FREEDOM ISN'T FREE
The following is a letter from a Vietnam Soldier, written before he left his home should he be killed on his tour. Army Spec 4 Joe Sintoni left for Vietnam in January 1968 and was stationed in the Mekong Delta near the Cambodian border. As each day passed, more and more of his buddies that he arrived with were being killed. March 27, 1968, 19 days after Joe became the senior man in his unit, he too was killed. The following letter is from the book, “Shrapnel In The Heart” by Laura Palmer, about the letters and remembrances from the Vietnam Veterans Memorial in Washington DC.
Every American needs to read this letter and understand the words that Joe Sintoni wrote. We especially need to have our children read this and our politicians need to read this over and over until they understand why they were elected to their position in OUR government of the people, by the people and for the people.
The way in which Army Spec 4 Joe Sintoni describes Patriotism, FREEDOM, the American Spirit and Freedom is NOT Free in his letter needs to be thoroughly understood by ALL Americans because it is something that only a small handful presently live by!!!!
Here is Army Spec 4 Joe Sintoni’s letter to the woman he loved:
This is by far the most difficult letter I shall ever write. What makes it so difficult is that you’ll be reading it in the unhappy event of my death. You’ve already learned of my death; I hope the news was broken to you gently. God, Angie, I didn’t want to die. I had so much to live for. You were my main reason for living. You’re a jewel, a treasure, a woman whose attributes are sought by every man.
You were to be my wife. I thank God for giving me those few happy years with you. Our future was uncertain, but I did have a lot of confidence. No, I didn’t want to die, but death was part of my job.
Please don’t hate the war because it has taken me. I’m glad and proud that America has found me equal to the task of defending it.
Vietnam isn’t a far off country in a remote corner of the world. It is Sagamore, Brooklyn, Honolulu, or any other part of the world where there are Americans.
Vietnam is a test of the American spirit. I hope I have helped in a little way to pass the test.
The press, the television screen, the magazines are filled with the images of young men burning their draft cards to demonstrate their courage. Their rejection is of the ancient law that a male fights to protect his own people and his own land.
Does it take courage to flaunt the authorities and burn a draft card? Ask the men at Dak To, Con Tien, or Hill 875, they’ll tell you how much courage it takes.
Most people never think of their Freedom. They never think much about breathing either, or blood circulating, except when these functions are checked by a doctor. Freedom, like breathing and circulating blood, is part of our being. Why must people take their Freedom for granted? Why can’t they support the men who are trying to protect their lifeblood, Freedom?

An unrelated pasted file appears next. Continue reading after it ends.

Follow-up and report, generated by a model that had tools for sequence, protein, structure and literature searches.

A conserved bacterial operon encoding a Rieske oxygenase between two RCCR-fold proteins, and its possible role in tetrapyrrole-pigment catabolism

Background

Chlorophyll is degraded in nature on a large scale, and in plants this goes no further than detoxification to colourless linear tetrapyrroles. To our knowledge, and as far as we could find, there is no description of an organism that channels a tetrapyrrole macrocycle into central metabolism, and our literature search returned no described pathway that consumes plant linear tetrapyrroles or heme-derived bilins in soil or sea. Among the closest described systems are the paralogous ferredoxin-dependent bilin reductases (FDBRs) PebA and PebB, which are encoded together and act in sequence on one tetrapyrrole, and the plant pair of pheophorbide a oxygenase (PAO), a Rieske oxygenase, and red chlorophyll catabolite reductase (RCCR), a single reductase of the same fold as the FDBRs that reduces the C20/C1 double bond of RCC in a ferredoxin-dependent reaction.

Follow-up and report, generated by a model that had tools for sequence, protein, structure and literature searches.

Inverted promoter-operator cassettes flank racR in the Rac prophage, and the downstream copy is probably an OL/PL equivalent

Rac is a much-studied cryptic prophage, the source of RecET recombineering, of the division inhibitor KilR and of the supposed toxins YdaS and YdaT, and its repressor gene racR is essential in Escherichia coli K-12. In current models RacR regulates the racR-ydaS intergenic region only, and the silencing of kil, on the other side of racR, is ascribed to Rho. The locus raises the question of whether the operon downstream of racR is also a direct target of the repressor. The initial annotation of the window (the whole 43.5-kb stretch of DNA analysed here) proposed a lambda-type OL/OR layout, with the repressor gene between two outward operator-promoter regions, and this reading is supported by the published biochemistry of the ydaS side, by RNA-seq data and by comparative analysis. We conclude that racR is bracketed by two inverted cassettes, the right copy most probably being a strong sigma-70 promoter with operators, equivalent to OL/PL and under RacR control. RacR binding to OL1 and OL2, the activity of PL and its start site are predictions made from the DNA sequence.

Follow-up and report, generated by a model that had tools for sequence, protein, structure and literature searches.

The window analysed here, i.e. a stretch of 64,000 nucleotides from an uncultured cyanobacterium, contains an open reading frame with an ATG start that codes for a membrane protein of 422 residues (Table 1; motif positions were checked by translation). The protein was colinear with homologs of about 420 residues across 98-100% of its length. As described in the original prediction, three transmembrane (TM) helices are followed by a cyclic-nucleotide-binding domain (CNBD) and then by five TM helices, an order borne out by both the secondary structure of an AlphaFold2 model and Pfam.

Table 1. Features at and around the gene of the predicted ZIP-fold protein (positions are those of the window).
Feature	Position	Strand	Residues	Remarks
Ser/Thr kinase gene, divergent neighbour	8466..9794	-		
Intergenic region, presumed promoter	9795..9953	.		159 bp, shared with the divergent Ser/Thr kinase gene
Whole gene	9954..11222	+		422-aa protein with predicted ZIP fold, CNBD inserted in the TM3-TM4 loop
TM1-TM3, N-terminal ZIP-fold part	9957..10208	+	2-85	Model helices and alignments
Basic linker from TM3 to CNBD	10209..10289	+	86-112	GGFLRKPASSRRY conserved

Patriotism is more than fighting or dying for ones country. It is participating in its development, its progress and its governmental processes. It is sharing the never fully paid price of the Freedom which was bequeathed to us who enjoy it today. Not to squander, not to exploit, but to preserve and enhance for those who will follow after us.
Just as a man will stand by his family be it right or wrong, so will the patriot stand where Stephen Decatur stood when he offered the toast, “Our country, in her intercourse with foreign nations, may she always be in the right, but our country, right or wrong.”
We must do the job that God set down for us. It’s up to every American to fight for the Freedom we hold so dear. We must instruct the young in the ways of these great United States. We mustn’t let them take these Freedoms for granted.
I want you to go on and live a full, rich, productive life. I want you to share your love with someone. You may meet another man and bring up a family. Please bring up your children to be proud Americans. Don’t worry about me, honey. God must have a special place for soldiers.
I’ve died as I’ve always hoped, protecting what I hold so dear to my heart. We will meet again in the future. We will. I’ll be waiting for that day.
I’ll be watching down over you Angie, and if it’s possible to help you in some way, I will.
Feel some relief with the knowledge that you filled my short life with more happiness than most men know in a lifetime.
The inevitable, well, the last one: I love you with all my heart and my love for you will survive into eternity.
Freedom Isn’t Free
I watched the flag pass by one day.
It fluttered in the breeze
A young soldier saluted it, and then
He stood at ease.
I looked at him in uniform
So young, so tall, so proud
With hair cut square and eyes alert
He’d stand out in any crowd.
I thought how many men like him
Had fallen through the years.
How many died on foreign soil?
How many mothers’ tears?
How many Pilots’ planes shot down?
How many foxholes were soldiers’ graves?
No — Freedom isn’t free
I heard the sound of taps one night,
When everything was still.
I listened to the bugler play
And felt a sudden chill.
I wondered just how many times
That taps had meant “Amen”
When a flag had draped a coffin
of a brother or a friend.
I thought of all the children,
Of the mothers and the wives,
Of fathers, sons and husbands
With interrupted lives.
I thought about a graveyard at the
bottom of the sea
Of unmarked graves in Arlington…..
No — Freedom isn’t free
…Cadet Major Kelly Strong Air Force Junior ROTC